The communication component A searches the packet-switching communication network for a communication component which can provide a gateway to the circuit-switching communication network ISDN as a resource. To this end, the communication component A sends a search message to a “neighboring” communication component B4 which is known to it (1). Besides the proprietary network address of the communication component A, this search message comprises the information that a gateway for a voice connection to the circuit-switching communication network ISDN is being sought. The communication component B4 receiving this search message does not have an appropriate resource of the “Gateway” type. The communication component B4 therefore forwards the search message, with the addition of its own network address, to the “neighboring”, communication components C1-C6 which are known to it (2). Since the communication component C1 also cannot provide the desired resource of the “Gateway” type, it for its part forwards the search message to the communication components D1-D6 with the addition of its own network address (3).

The communication component D1 has the desired resource of the “Gateway” type and responds to the communication component C1 with a hit response (4). This hit response comprises the network address of the communication component D1 and also the bandwidth, the type and the number of free channels on the gateway which is being provided. The communication component C1 forwards the hit response to the communication component B4 (5). Finally, the communication component B4 sends the hit response to the searching communication component A (6).

The communication component A uses the information obtained in this manner about the available gateway to set up a direct data connection to the communication component D1 (7). If a plurality of gateways are found in the course of a search, the information sent is used to select one of these gateways.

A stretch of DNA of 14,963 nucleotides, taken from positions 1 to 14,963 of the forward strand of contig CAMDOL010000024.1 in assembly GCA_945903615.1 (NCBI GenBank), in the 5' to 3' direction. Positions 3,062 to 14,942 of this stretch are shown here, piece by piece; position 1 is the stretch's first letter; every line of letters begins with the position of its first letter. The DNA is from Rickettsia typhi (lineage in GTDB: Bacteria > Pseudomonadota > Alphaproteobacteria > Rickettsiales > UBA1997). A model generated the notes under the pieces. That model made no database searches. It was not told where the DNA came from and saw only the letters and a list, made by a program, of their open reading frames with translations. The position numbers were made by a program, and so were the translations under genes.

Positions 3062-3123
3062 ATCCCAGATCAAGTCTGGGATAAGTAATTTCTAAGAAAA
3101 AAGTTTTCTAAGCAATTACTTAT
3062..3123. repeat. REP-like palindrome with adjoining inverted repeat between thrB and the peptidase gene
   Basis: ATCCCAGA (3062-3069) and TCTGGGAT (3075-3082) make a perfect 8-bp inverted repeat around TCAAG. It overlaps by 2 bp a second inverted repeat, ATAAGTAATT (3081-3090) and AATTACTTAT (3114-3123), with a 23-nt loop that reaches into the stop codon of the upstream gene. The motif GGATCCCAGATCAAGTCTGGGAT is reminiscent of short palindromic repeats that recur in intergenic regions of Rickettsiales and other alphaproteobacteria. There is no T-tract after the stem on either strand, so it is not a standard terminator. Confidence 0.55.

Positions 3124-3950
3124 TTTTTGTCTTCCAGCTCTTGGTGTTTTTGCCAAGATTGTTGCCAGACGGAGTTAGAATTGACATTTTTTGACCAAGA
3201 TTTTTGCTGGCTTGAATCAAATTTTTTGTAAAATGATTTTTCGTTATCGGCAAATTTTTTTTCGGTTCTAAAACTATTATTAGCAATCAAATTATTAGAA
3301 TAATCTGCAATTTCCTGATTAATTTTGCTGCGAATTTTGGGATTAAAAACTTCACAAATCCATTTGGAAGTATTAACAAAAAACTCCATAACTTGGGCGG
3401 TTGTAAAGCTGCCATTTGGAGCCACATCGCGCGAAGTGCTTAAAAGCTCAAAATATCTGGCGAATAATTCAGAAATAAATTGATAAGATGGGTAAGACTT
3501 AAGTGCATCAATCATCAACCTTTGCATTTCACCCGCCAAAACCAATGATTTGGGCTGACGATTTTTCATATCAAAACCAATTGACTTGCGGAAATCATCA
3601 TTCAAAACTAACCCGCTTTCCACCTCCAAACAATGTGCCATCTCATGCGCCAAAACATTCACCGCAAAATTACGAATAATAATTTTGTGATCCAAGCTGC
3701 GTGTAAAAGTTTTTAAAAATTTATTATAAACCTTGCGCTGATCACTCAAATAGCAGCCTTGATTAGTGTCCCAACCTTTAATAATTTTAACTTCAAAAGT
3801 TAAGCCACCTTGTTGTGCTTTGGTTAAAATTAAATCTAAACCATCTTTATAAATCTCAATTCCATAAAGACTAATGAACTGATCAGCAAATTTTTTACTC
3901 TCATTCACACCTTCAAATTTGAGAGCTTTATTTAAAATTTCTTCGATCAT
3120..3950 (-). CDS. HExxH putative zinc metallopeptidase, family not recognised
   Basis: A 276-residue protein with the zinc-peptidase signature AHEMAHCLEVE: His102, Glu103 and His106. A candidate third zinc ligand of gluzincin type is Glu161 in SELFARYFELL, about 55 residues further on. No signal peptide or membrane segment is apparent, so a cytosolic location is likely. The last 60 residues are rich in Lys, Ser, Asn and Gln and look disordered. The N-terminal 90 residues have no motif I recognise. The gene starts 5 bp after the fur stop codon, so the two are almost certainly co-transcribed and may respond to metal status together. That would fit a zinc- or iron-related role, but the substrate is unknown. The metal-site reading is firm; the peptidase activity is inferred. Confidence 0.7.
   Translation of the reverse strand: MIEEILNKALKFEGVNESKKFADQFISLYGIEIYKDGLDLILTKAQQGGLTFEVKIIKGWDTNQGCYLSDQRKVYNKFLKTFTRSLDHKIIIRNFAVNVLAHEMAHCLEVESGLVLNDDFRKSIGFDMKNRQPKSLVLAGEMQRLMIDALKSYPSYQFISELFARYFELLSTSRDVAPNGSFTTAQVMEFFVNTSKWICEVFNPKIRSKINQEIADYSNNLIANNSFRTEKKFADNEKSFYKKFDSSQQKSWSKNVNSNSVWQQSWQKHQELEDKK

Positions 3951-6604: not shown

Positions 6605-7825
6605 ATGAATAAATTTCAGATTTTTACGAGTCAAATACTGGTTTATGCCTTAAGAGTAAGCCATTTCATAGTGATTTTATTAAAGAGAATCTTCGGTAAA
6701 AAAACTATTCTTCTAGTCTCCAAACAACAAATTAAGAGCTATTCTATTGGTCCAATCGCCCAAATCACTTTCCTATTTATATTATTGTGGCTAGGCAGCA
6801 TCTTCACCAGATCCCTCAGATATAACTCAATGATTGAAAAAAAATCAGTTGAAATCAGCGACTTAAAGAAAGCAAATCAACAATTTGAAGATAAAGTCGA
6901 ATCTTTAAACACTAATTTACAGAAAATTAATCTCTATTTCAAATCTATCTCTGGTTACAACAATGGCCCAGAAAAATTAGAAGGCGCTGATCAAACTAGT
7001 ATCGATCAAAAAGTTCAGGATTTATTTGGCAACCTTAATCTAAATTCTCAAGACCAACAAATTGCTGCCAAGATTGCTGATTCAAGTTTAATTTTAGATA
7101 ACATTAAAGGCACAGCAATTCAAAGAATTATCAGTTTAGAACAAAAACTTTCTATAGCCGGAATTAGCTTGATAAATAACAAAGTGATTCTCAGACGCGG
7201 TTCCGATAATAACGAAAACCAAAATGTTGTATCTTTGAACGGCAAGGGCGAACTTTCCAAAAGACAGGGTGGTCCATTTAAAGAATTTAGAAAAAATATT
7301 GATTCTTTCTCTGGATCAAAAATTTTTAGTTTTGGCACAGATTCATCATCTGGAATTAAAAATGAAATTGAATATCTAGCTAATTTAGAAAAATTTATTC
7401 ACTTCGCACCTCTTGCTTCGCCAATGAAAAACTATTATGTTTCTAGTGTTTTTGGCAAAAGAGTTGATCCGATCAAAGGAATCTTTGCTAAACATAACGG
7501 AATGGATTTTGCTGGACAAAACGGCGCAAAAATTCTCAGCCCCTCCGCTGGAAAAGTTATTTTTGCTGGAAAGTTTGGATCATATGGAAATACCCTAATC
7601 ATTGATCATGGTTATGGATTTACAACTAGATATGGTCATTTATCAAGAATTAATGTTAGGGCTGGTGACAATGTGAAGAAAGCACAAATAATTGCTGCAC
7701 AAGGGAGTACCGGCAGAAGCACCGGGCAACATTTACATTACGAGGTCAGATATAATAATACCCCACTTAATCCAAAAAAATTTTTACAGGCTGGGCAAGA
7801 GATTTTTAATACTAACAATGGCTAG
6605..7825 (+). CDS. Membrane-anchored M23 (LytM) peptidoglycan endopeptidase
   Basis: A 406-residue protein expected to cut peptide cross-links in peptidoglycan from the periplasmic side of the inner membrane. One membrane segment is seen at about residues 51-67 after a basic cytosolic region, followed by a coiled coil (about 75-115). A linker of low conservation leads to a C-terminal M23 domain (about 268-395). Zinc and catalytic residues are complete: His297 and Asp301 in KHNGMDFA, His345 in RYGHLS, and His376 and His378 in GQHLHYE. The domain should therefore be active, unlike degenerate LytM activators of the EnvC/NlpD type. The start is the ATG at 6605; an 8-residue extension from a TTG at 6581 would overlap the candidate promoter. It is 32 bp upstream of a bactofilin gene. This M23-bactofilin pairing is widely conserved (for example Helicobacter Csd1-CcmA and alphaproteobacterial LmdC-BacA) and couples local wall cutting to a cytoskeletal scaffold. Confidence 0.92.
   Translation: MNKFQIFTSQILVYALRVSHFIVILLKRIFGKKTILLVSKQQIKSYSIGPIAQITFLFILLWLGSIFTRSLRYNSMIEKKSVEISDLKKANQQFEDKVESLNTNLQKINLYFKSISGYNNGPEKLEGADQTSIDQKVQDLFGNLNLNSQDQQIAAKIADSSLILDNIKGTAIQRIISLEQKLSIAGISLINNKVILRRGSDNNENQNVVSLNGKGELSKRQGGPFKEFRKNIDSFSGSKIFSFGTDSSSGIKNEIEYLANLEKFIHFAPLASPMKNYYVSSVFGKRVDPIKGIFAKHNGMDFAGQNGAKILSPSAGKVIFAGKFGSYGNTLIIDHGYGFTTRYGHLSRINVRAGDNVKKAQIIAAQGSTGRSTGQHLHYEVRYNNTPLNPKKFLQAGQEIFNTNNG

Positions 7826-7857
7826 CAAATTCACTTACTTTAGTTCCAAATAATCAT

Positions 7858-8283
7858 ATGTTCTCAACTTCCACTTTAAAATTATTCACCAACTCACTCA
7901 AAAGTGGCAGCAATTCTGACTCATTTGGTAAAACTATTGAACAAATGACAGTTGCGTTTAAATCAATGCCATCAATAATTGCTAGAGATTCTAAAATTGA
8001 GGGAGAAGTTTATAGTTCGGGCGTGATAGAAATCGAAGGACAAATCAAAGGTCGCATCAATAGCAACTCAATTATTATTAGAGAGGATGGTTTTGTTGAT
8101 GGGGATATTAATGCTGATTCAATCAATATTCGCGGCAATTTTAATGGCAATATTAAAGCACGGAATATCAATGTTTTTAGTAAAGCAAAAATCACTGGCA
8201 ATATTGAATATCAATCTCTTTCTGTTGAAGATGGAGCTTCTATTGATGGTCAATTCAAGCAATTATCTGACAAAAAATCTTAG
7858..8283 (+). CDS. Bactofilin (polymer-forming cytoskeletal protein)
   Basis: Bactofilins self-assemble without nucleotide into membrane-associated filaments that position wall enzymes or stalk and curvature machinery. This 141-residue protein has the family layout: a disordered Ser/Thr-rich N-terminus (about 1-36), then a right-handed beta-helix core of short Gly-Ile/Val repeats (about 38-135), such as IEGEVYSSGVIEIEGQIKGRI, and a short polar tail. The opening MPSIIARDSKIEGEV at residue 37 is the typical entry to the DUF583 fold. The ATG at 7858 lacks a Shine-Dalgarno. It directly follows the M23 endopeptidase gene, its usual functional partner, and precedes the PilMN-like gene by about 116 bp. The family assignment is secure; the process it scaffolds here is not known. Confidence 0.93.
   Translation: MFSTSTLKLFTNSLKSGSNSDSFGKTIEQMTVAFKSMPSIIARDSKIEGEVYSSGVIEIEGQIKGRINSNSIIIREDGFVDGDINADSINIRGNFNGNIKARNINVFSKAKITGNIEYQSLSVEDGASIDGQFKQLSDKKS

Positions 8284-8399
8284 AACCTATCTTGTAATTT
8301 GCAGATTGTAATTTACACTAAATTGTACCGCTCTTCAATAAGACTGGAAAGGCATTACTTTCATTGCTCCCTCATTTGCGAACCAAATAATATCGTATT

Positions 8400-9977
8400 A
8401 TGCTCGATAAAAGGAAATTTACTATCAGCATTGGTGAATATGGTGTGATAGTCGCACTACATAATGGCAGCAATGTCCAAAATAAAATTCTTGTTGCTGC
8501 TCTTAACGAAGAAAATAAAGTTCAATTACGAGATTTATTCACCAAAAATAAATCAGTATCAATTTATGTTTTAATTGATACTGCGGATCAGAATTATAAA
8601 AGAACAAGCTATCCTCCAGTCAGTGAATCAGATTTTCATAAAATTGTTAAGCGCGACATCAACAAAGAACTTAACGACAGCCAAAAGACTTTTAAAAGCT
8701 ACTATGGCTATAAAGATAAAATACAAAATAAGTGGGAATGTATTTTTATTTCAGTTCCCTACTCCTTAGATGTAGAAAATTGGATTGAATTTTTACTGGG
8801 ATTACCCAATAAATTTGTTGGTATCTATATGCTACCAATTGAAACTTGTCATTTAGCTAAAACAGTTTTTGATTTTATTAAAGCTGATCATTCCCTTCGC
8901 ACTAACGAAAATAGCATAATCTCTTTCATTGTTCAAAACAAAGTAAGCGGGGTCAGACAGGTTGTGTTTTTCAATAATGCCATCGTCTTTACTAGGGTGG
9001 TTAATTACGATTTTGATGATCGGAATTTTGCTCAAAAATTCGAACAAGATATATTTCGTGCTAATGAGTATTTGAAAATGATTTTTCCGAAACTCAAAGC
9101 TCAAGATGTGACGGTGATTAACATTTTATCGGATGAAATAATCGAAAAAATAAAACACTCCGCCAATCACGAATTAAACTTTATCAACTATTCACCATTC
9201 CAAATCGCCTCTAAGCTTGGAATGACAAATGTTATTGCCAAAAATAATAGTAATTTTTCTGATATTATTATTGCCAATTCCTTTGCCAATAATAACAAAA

The packet-switching communication network is a network which operates on the basis of the Internet protocol. In this case, the H.323 protocol, for example, is usual for setting up and executing voice connections. The protocol elements provided in the H.323 protocol are used to set up the previously described connection between the communication components A and D1. Alternatively, it is naturally also possible to use other protocols, for example the SIP (Session Initiation Protocol) protocol. When the connection has been set up, the actual useful data, that is to say the voice data in this case, are transferred from the communication component A to the communication component D1 and from there using the gateway to a subscriber in the circuit-switching communication network ISDN (8).

When the communication component A now has the information that a resource which it needs, namely a gateway, is being provided by the communication component D1, it uses a special request message to ask this communication component D1 for the information regarding what hardware requirements are necessary in order to operate the gateway software used in the communication component D1. This request is initiated by a service which is installed on the communication component A and is permanently active in the background. The communication component D1 responds by indicating that an ISDN card having a CAPI (Common Application Programming Interface—standardized application interface for ISDN communication adapters) driver needs to be installed. The service compares the hardware installed on the communication component A or said hardware's application interfaces with these details and establishes that the minimum requirements for executing the gateway software used on the communication component D1 are likewise met by the hardware of the communication component A.